Soviet Union Launches Operation Little Saturn

The first stage — an attempt to cut off the German Army Group A in the Caucasus — had to be rapidly revised when General Erich von Manstein launched Operation Winter Storm on 12 December in an attempt to relieve the trapped armies at Stalingrad.

While General Rodion Malinovsky's Soviet 2nd Guards Army blocked the German advance on Stalingrad, the modified plan Operation Little Saturn was launched on 16 December.

This operation consisted of a pincer movement which threatened to cut off the relieving forces. General Fyodor Isidorovich Kuznetsov's 1st Guards Army and General Dmitri Danilovich Lelyushenko's 3rd Guards Army attacked from the north, encircling 130,000 soldiers of the Italian 8th Army on the Don and advancing to Millerovo. (Manstein sent the 6th Panzer Division to the Italians' aid — of the 130,000 encircled troops, 45,000 survived to join the Panzers at Chertkovo on 17 January). To the south the advance of General Gerasimenko's 28th Army threatened to encircle the 1st Panzer Army and General Trufanov's 51st Army attacked the relief column directly. In a daring raid, by 24 December tanks of the 24th Tank Corps had reached Tatskinskaya, the air base closest to Stalingrad from which the Luftwaffe had been supplying the besieged troops. The Soviet tanks drove through snowstorms onto the airfield and roamed about for hours, destroying the German transport planes at their leisure. (see main article Tatsinskaya Raid)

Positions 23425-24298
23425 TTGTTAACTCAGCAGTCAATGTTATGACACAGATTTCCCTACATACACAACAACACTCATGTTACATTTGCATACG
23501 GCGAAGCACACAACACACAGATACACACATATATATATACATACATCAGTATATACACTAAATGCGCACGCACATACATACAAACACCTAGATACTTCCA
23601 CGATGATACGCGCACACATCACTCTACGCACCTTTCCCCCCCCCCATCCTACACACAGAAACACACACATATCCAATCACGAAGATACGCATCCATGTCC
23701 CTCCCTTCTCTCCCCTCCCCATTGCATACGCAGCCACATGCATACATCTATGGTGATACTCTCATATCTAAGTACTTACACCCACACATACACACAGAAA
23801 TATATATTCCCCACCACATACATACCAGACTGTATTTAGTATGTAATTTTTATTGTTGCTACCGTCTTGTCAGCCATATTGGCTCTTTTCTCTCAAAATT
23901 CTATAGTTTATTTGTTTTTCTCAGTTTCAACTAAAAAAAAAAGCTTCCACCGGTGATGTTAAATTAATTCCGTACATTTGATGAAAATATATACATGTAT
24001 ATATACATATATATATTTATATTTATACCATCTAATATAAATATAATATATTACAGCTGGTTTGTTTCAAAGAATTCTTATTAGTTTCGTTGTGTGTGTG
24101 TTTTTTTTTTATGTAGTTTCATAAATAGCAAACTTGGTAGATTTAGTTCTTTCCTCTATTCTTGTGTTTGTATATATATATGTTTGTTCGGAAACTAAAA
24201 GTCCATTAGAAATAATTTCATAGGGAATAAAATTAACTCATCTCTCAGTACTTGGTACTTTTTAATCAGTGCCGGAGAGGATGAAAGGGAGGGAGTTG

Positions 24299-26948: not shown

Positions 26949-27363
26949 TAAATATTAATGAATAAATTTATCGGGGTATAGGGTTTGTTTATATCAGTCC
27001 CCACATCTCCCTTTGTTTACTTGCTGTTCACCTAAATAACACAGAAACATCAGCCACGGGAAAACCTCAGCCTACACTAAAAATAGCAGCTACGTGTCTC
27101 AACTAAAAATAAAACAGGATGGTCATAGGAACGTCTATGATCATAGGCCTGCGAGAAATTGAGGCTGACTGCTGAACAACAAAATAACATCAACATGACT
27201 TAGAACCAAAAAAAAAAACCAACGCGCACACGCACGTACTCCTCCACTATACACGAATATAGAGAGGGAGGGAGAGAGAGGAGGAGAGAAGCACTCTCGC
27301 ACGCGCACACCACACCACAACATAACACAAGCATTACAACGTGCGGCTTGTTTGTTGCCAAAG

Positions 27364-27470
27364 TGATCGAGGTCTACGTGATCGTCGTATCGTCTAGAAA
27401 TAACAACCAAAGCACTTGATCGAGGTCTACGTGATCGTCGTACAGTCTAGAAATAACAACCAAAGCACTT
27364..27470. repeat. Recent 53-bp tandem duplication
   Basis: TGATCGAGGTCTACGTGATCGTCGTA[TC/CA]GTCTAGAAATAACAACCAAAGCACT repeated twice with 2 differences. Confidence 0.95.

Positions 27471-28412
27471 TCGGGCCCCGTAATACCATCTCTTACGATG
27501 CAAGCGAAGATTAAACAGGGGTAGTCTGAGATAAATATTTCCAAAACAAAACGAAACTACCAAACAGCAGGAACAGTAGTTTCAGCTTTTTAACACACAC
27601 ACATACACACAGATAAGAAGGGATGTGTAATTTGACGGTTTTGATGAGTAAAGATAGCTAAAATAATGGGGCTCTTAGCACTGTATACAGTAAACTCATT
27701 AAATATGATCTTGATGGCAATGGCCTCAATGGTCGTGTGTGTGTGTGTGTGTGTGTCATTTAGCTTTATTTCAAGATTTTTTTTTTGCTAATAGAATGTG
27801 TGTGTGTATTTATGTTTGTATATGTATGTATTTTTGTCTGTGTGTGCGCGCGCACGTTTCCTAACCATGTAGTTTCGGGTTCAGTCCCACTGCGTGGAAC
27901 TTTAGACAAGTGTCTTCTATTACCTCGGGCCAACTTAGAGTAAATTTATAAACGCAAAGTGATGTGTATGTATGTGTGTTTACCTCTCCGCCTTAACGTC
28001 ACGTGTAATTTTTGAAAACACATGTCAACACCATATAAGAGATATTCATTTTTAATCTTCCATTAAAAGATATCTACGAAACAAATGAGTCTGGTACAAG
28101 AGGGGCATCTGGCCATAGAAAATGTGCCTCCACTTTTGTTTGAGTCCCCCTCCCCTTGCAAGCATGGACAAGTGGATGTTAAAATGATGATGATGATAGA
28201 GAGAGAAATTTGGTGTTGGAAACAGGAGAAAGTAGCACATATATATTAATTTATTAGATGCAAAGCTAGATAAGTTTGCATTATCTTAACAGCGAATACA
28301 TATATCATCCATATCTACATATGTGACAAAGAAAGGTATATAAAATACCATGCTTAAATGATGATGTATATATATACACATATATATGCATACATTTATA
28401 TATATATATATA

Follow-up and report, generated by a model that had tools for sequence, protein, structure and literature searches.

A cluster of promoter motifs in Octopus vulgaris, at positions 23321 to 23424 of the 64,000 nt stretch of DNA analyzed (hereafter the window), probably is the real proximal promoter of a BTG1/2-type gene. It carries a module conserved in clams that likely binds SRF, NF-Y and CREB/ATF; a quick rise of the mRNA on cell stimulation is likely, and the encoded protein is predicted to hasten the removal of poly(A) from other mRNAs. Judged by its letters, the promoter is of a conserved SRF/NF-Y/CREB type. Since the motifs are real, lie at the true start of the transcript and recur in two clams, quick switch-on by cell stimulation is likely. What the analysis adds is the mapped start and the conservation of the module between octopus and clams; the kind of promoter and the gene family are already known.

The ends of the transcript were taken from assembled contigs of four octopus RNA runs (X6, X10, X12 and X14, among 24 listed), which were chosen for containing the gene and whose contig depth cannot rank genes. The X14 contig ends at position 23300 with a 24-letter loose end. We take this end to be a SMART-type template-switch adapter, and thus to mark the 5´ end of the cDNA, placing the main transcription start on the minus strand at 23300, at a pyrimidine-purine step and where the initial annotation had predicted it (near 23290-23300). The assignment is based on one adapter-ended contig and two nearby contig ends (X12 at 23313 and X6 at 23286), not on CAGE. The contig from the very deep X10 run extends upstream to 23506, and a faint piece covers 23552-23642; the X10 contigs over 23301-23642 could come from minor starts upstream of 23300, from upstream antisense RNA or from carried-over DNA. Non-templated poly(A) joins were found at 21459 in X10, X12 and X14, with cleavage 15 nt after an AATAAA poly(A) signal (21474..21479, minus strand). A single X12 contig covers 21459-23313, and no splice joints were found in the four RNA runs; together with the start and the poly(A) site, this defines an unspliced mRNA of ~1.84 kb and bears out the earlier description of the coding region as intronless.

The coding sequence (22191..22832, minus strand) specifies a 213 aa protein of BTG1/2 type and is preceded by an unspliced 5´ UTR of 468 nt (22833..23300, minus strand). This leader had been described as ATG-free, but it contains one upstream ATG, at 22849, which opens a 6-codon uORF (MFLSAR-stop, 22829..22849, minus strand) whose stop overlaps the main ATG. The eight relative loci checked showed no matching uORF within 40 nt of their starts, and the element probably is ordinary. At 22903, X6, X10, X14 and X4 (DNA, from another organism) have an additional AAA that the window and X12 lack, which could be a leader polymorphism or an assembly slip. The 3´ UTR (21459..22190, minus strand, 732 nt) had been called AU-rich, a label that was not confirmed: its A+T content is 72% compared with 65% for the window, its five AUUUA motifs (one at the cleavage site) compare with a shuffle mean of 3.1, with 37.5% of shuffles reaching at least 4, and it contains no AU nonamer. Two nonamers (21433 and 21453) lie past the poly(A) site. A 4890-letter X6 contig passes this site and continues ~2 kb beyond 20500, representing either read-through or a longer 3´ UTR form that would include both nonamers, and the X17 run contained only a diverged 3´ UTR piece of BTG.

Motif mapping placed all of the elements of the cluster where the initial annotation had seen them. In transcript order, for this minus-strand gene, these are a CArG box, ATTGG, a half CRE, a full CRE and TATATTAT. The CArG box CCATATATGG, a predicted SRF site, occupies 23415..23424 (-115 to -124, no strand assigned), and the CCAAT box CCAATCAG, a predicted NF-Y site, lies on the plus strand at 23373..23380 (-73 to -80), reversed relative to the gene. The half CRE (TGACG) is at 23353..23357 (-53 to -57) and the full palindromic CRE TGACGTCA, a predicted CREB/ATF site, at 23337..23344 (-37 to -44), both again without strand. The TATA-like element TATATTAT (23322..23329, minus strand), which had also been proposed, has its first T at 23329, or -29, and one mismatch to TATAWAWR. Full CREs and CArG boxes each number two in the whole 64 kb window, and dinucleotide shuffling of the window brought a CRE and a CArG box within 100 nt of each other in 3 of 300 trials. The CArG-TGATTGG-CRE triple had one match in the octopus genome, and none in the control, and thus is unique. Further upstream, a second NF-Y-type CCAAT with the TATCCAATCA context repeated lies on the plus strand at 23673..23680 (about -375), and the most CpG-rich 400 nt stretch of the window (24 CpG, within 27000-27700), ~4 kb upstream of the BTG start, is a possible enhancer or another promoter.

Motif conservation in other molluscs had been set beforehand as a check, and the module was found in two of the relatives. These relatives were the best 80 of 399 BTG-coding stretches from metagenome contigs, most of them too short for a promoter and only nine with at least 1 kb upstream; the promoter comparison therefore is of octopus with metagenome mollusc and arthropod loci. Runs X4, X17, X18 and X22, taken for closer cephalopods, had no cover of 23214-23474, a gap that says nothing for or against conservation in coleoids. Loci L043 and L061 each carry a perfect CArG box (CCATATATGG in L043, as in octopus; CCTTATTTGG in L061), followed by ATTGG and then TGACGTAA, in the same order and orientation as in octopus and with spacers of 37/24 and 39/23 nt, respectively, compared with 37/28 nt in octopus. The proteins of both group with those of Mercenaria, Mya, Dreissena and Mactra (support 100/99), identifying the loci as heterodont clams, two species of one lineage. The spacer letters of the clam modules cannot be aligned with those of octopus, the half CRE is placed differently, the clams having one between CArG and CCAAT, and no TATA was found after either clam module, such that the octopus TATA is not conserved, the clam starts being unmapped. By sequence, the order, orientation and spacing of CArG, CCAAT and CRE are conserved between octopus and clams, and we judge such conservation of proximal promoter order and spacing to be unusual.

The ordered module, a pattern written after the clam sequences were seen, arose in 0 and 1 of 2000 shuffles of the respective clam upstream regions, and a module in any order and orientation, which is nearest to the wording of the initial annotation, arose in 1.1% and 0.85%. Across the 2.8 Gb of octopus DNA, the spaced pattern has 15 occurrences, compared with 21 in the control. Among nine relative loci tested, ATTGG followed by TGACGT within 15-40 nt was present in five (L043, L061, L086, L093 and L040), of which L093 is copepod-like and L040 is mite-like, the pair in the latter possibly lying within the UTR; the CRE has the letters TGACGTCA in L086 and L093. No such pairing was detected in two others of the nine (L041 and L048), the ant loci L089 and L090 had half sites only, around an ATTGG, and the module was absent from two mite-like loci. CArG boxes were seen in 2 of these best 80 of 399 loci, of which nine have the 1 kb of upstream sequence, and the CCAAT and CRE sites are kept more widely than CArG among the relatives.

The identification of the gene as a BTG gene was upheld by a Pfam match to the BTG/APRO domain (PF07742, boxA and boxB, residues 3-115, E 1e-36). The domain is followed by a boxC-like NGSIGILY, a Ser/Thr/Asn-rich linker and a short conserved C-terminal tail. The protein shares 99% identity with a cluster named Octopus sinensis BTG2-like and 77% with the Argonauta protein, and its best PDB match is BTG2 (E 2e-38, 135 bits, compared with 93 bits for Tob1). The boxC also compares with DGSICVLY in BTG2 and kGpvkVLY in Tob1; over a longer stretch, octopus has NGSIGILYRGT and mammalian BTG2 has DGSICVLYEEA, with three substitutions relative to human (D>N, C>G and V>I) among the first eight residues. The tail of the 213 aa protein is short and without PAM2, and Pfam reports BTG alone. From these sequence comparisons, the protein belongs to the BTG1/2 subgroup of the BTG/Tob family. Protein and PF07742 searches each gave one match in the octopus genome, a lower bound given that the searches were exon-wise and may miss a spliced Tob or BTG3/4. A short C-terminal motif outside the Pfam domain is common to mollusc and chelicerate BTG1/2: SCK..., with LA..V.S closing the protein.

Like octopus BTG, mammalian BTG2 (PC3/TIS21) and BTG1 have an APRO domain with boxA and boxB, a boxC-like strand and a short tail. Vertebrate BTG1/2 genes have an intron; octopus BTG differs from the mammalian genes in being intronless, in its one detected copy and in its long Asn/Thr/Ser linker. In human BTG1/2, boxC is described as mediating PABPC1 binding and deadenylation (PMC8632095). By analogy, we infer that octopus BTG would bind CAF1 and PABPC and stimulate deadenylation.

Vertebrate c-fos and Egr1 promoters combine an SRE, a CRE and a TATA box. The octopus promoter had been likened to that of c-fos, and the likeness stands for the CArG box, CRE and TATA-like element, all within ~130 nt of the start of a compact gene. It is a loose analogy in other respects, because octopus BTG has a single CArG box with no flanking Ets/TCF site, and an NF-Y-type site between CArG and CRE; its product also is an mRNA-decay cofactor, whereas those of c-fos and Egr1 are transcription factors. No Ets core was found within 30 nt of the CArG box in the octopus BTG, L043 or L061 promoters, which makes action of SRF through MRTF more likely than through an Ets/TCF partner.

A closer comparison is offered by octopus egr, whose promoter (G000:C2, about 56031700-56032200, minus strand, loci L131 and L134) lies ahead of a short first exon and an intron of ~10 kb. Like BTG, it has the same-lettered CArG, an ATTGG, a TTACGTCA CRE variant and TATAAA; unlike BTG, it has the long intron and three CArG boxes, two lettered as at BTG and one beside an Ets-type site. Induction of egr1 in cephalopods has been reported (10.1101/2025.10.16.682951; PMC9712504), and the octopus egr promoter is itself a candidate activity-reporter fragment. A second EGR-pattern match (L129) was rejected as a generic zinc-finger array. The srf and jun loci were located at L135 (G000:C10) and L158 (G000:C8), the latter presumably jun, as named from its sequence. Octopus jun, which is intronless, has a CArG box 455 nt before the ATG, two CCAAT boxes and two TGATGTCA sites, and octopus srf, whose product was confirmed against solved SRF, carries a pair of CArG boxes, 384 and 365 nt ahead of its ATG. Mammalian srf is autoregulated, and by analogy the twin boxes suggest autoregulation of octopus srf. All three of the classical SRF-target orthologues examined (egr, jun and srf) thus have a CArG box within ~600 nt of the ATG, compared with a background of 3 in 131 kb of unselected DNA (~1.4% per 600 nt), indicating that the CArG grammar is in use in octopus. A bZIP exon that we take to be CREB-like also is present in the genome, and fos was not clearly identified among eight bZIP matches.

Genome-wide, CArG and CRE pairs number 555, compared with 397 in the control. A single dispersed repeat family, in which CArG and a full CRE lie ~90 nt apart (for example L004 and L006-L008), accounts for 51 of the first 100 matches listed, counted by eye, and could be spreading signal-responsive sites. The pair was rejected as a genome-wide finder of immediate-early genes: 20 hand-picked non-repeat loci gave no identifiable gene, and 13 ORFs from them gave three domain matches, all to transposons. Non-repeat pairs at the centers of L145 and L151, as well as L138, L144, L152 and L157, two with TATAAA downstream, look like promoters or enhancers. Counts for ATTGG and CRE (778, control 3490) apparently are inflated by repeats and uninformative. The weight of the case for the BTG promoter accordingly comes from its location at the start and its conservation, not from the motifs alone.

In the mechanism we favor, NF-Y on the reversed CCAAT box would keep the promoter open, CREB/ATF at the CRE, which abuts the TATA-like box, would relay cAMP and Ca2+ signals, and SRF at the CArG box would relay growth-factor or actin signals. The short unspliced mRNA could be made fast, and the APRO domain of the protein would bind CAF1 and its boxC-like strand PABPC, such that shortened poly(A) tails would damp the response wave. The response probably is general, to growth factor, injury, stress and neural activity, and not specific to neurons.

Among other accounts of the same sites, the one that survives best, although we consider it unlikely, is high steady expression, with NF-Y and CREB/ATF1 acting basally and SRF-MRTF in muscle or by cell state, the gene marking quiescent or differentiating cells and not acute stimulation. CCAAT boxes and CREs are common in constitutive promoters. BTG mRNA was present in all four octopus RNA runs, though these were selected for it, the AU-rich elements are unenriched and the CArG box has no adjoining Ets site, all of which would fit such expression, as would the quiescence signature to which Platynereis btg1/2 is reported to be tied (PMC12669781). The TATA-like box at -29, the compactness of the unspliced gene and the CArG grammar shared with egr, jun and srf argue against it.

With the relief column under threat of encirclement, Manstein had no choice but to retreat back to Kotelnikovo on 29 December, leaving the encircled Germans at Stalingrad to their fate. Of the 300,000 soldiers encircled 90,000 survived to be taken prisoner. Only 5,000 lived to return to Germany. The limited scope of the Soviet offensive also gave General Ewald von Kleist time to withdraw his Army Group A in the direction of the Kuban, with the exception of 1st Panzer Army which joined Army Group Don via Rostov.

In mid-November 1942, the Soviet army launched a massive counteroffensive against the German Sixth Army, some 250,000 soldiers trying to conquer Stalingrad in bitter hand-to-hand fighting. The Soviet troops encircled and trapped the German forces. Following six more weeks of fierce combat in which both sides took heavy casualties, some 91,000 surviving German soldiers surrendered between January 31 and February 2, 1943.